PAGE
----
Saturday, 19 March 2016

ORCADIAN FAREWELL

It was one of those strange coincidences.  Radio 4 devoted a whole poetry programme to the life and poetry of Orcadian writer George Mackay Brown in its Poetry Please slot on Sunday.  The following day I was listening to the beautiful lilting melody of ‘Farewell to Stromness’ on the car radio – the composer Sir Peter Maxwell Davies, George Mackay Brown’s close friend, collaborator and fellow Orcadian, had died.

I’d been alerted to the George Mackay Brown programme by a friend but didn’t get round to listening to it until later in the week.  There was a good selection of his work, input from his biographer Maggie Fergusson, and even a reading of Edwin Muir’s classic poem ‘The Horses’.  I knew Muir had been born and spent his early childhood in Orkney but I had forgotten that he had also been Warden of Newbattle Abbey adult education college where he greatly encouraged George Mackay Brown. 

As I listened to the programme I remembered that George Mackay Brown and Peter Maxwell Davies had undertaken several collaborations together.  The composer was originally from Salford but he went to Orkney in the summer of 1970.   He started reading George Mackay Brown’s An Orkney Tapestry in his hotel room and immediately musical ideas started to form in his mind.  The next day he took the ferry to the island of Hoy where he met George Mackay Brown who was visiting friends at Rackwick.  It poured with rain.

When I went to Orkney some years ago people said ‘When you go to Hoy you must go to Rackwick’.  So I did.  Arriving at Lyness on Hoy by car ferry was a shock.  Abandoned Navy buildings were strung along the road -  a depressing scene of dereliction.  Thousands of naval personnel were stationed on Hoy during the Second World War (it was a vital defensive base, guarding the strategic route between the Atlantic and the North Sea).  But next day I went over to Rackwick.  The path passed Loch Sandy with its red-throated divers, climbed up to a pass between Hoy’s highest hills and then dropped down to a deep remote valley, beautifully light and green and facing south to the Pentland Firth.  There were a few scattered crofts, sheer rocky cliffs and a wide boulder-strewn beach.  I could see why people said I must visit Rackwick and I could see why Peter Maxwell Davies decided to live there and compose.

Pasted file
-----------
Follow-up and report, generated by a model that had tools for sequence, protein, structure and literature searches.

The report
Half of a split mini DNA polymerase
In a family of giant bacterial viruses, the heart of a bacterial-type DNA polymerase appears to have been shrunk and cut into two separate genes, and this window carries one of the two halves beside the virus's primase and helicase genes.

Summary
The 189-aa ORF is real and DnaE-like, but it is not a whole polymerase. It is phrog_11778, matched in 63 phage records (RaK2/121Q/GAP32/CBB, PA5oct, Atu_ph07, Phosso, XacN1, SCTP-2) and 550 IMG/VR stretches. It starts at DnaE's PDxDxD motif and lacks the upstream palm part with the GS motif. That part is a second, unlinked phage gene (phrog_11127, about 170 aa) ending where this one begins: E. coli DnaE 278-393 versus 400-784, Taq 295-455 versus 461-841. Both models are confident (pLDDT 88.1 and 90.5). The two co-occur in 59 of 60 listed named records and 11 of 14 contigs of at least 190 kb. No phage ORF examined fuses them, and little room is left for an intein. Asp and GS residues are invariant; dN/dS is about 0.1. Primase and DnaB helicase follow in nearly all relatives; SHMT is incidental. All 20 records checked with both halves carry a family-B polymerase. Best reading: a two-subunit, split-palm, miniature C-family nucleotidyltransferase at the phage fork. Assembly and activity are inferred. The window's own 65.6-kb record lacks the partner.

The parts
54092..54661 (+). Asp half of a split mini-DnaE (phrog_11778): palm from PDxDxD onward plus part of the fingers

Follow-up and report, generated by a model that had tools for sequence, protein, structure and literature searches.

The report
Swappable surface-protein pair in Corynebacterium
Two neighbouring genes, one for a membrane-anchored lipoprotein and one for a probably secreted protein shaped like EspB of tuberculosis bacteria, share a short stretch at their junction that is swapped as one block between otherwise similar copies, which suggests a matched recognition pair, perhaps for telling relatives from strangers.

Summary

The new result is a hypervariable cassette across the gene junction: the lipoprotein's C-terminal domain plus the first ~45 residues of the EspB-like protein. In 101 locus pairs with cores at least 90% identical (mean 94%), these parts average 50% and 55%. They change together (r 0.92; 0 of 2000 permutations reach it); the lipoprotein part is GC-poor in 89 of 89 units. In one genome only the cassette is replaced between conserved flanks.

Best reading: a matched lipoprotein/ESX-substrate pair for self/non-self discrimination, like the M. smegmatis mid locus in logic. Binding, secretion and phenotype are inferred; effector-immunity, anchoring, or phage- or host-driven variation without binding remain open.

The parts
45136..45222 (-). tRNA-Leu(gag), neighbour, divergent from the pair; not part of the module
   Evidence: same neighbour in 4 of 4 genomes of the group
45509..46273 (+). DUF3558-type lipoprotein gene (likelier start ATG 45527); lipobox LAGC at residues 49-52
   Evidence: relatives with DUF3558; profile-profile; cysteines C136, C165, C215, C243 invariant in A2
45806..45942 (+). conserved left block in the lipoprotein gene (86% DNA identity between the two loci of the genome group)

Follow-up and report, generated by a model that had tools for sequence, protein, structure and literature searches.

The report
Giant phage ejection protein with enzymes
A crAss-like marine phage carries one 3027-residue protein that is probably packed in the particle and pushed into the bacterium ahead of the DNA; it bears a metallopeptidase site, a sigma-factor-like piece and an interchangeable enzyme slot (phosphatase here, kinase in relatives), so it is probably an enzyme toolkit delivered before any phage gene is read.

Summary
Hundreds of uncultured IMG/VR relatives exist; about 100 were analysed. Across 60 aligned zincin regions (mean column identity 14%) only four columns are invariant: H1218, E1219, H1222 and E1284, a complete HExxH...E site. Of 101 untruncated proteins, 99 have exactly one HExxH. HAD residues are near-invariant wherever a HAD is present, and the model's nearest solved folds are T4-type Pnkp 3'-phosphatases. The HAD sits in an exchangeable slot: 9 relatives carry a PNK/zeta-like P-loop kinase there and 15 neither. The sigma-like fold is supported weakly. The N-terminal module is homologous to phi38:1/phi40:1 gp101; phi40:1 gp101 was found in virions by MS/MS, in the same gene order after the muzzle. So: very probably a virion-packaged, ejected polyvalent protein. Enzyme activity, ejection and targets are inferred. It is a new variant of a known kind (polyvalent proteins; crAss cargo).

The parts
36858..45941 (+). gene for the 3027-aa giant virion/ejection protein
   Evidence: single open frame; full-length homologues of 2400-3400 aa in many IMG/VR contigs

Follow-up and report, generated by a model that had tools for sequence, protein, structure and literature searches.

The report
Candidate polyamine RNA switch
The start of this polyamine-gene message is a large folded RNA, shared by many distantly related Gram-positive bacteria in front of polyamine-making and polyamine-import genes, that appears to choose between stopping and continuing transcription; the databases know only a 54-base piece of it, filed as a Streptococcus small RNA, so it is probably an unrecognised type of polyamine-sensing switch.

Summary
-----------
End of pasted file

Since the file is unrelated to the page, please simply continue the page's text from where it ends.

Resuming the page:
I heard Peter Maxwell Davies’ Orkney Wedding, With Sunrise played with great enthusiasm by the Northern Sinfonia a few years ago.  The piece was written after the composer had attended a Homecoming  (a traditional celebration for those unable to attend the wedding itself) for the Rendalls at Rackwick.  It’s great fun, especially the bit where the musicians are supposed to pass the whisky round and slump into a tipsy stupor.  The players revive and the dawn of a new day is symbolised by the dramatic arrival of a piper – on this occasion the piper was Evelyn Glennie, better known as a brilliant percussionist.

It was Rackwick that provided the inspiration for Peter Maxwell Davies’ setting of George Mackay Brown’s poem, ‘Lullaby for Lucy’.  The poem was written to celebrate the arrival of the first child to be born in Rackwick for over three decades.  It is an acrostic on the baby’s name, Lucy Rendall, the daughter of the couple whose Homecoming inspired Orkney Wedding.  The lullaby was performed at Lucy’s own wedding in St Magnus’ Cathedral, Kirkwall, in 2005.

Peter Maxwell Davies and George Mackay Brown collaborated on over twenty pieces.  Together they started and ran the St Magnus Festival, a festival which combines music and poetry.  Past participants have included Carol Ann Duffy, Seamus Heaney, Jackie Kay, Gwynedd Lewis, Liz Lochhead, Andrew Motion and Don Paterson.

There’s a Collected Poems of George Mackay Brown published by John Murray but my 2005 edition does not include the collaboration with photographer Gunnie Moberg, Orkney Pictures and Poems.  The short lyrical poems contain, in my view, some of his best work (and the photographs are stunning in their elegant simplicity).  Here’s the end of the prefatory poem, a fitting epitaph to composer and poet:

We may note, page by page, the new
And the old works of time; how all
     Fall into ruins, or go dancing
     Towards green April harps.
     Forever, somewhere are joy and dancing.


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